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Dog Years

Dog Years


I was in floods of tears yesterday watching a video about the last day of Bretagne, the last search and rescue dog who worked in the carnage of 9/11, who died at the good old age of 16. During her career, this beautiful, gentle looking golden retriever saw through big brown eyes the best of humanity and the aftermath of the very worst. She deserves bones to rain from the sky and her eternal playtime now.

16 years is a good age. It’s a very good age but 16 years is still over in the blink of an eye. “We who choose to surround ourselves with lives even more temporary than our own…” wrote jazz producer and author Irving Townsend about those who give their hearts over to animals (animals apart from large parrots and tortoises who tend to outlive us all). Watching one of my older dogs struggle on the stairs who was driving me mad leaping onto the worktops what was surely only five minutes ago, I sometimes really, really wish I could fall in love with a tortoise.

Bretagne’s departure reminded me that it wasn’t long after the horrors of 9/11 that the pace of my life suddenly accelerated. Before then, six months used to seem like an awful long time to wait for a holiday. Winters seemed to drag on forever; a decade was a sizeable chunk of history. For various reasons, my life changed a great deal in the months following the obscene act of inhumanity that brought down the Twin Towers that Tuesday morning. While the war that followed raged in the desert, I became a 30-year-old orphan, which was a wake-up call to do that thing I’d been putting off for three decades and grow up.

I said a sad goodbye to one dog well before her time and happily welcomed another and in the middle of all this mysteriously the pace of my life started to speed up so much that the 14 years since then feels little more than three or four. Suddenly I’m counting in Dog Years.

Dog Years are much shorter than human years. By how much depends on how long a life is anticipated for the dog, depending on his size, how much we’ve messed up their breed by seeking certain features or everyone wanting a piece of the same show-winning specimen. That’s the practical explanation. The other explanation is that Dog Years are shorter because they don’t waste half as much time worrying about things that really don’t matter as we do. Or, even, that dogs spend a lot more of their time resting.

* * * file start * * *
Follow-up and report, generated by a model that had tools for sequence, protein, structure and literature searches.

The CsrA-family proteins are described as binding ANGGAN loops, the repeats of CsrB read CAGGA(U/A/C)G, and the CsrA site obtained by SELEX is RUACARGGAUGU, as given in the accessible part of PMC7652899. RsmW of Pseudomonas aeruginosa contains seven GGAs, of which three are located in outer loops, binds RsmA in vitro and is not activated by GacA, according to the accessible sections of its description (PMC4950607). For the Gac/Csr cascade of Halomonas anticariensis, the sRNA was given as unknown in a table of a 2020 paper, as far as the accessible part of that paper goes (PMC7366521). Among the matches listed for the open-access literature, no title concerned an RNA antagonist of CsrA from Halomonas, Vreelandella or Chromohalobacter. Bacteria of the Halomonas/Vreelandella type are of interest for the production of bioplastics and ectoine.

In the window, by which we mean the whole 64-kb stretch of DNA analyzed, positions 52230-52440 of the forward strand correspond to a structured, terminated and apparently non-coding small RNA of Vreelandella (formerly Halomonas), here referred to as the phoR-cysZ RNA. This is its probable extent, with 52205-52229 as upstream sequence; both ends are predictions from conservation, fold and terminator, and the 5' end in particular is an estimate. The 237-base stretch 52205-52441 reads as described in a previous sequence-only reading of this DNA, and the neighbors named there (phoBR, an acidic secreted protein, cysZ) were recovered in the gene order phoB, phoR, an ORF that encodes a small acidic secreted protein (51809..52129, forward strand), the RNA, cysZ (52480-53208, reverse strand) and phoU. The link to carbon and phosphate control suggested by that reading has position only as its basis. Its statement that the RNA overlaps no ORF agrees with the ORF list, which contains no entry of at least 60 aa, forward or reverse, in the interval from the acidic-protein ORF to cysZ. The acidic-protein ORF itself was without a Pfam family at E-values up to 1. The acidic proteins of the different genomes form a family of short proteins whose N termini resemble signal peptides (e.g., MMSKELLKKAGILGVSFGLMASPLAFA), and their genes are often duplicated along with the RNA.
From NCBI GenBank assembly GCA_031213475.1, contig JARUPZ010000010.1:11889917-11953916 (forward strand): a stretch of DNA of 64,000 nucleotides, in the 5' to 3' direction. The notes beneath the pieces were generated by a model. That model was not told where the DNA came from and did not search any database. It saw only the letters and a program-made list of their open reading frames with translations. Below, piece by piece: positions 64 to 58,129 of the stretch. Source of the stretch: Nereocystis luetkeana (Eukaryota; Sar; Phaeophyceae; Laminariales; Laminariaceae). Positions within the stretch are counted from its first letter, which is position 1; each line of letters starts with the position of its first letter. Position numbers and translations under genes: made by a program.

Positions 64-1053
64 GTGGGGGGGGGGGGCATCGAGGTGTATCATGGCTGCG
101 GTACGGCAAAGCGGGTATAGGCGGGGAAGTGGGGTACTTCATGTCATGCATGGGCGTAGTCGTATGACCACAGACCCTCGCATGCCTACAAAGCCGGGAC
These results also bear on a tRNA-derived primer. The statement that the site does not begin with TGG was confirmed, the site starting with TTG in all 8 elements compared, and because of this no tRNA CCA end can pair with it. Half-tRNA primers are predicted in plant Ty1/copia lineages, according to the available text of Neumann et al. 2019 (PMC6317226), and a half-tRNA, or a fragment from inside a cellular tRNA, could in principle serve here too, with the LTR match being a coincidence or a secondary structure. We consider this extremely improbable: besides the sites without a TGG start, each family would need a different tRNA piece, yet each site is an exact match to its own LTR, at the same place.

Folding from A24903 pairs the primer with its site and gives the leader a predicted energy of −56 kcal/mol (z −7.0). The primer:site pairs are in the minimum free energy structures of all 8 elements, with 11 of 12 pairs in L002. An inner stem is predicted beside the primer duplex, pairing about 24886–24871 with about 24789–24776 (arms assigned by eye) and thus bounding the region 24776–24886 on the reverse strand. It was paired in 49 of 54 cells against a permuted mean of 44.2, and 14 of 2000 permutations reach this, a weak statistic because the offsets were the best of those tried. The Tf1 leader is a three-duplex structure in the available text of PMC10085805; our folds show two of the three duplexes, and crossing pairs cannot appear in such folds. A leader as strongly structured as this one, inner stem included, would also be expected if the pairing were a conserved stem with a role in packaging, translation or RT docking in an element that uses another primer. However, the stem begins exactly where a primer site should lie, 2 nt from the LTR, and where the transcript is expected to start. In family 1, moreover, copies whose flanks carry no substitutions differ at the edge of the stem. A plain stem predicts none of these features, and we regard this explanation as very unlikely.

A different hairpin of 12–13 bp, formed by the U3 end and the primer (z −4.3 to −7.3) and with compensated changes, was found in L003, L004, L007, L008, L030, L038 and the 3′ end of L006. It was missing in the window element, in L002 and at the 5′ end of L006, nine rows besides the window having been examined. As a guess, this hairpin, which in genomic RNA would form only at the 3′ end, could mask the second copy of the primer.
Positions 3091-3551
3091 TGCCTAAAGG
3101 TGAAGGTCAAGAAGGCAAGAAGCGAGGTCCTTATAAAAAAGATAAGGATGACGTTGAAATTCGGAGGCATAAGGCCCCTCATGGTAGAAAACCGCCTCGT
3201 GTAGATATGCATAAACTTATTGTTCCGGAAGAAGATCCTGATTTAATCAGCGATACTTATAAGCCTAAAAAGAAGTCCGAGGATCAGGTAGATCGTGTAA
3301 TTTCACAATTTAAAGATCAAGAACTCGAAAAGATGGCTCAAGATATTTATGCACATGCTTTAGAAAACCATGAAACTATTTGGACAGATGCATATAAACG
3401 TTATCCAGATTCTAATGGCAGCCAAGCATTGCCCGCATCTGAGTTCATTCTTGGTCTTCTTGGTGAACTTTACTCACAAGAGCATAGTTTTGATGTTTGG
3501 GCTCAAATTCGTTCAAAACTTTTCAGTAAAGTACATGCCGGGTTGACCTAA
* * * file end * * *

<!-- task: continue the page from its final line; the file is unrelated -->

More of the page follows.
Dog Years are more fun, passionate, fulfilled and committed than human ones. What’s the adage, “live like someone left the gate open”? Unfortunately, we’re the ones who have sleepless nights about the gate being left open and 10 minutes of unplanned dog freedom translates to about 30 years (30 stressful, horrendous, heart attack inducing years) in human time.

Dogs don’t count time themselves. Or at least I don’t think they do. They are just as happy to see you after a five minute shower or a five hour spell at work. Or five years from what the Internet shows you of reunions with homecoming service personnel and their dogs. “Have you missed me?” I always ask on my return but I don’t think they have.

They are just happy to see me because to them I mean food, snuggles, leadership, trips to the forest and, for some reason, they seem to like hanging out with me even when none of the former applies. They are just happy because that’s what dogs are most of the time unless something specific is making them unhappy; unlike us, where mostly it’s the other way around. That’s our real tragedy. We can learn from this and stop wasting the time we have. We can embrace Dog Years instead of mourning in anticipation and apply them to our own (hopefully) much longer lives. We can stop quantifying and start looking for quality.

Dog Years fly past tragically quick but they are awesome too and through our tears and our anxiety about tears invariably to come, we shouldn’t ever let go of that awesomeness. Watching Bretagne have a guard of honour for her last visit to the vet made me hug my dogs hard (uncomfortably hard, according to Raven; “Don’t squish me, Crazy Human Friend”). I cried on their confused little heads because I was sad for Bretagne and her owner but mostly because I was sad for me, mine and our own temporary lives. But you know what? They are not wasting precious moments counting down the years and I’m going to try my hardest not to either.

Mel Hannam will be writing a regular blog for SnowPaw Store over the coming months. Mel has a small kennel of Siberian Huskies, Mystic Charoite Racing, and races dry land throughout the winter with most of the UK organisations.

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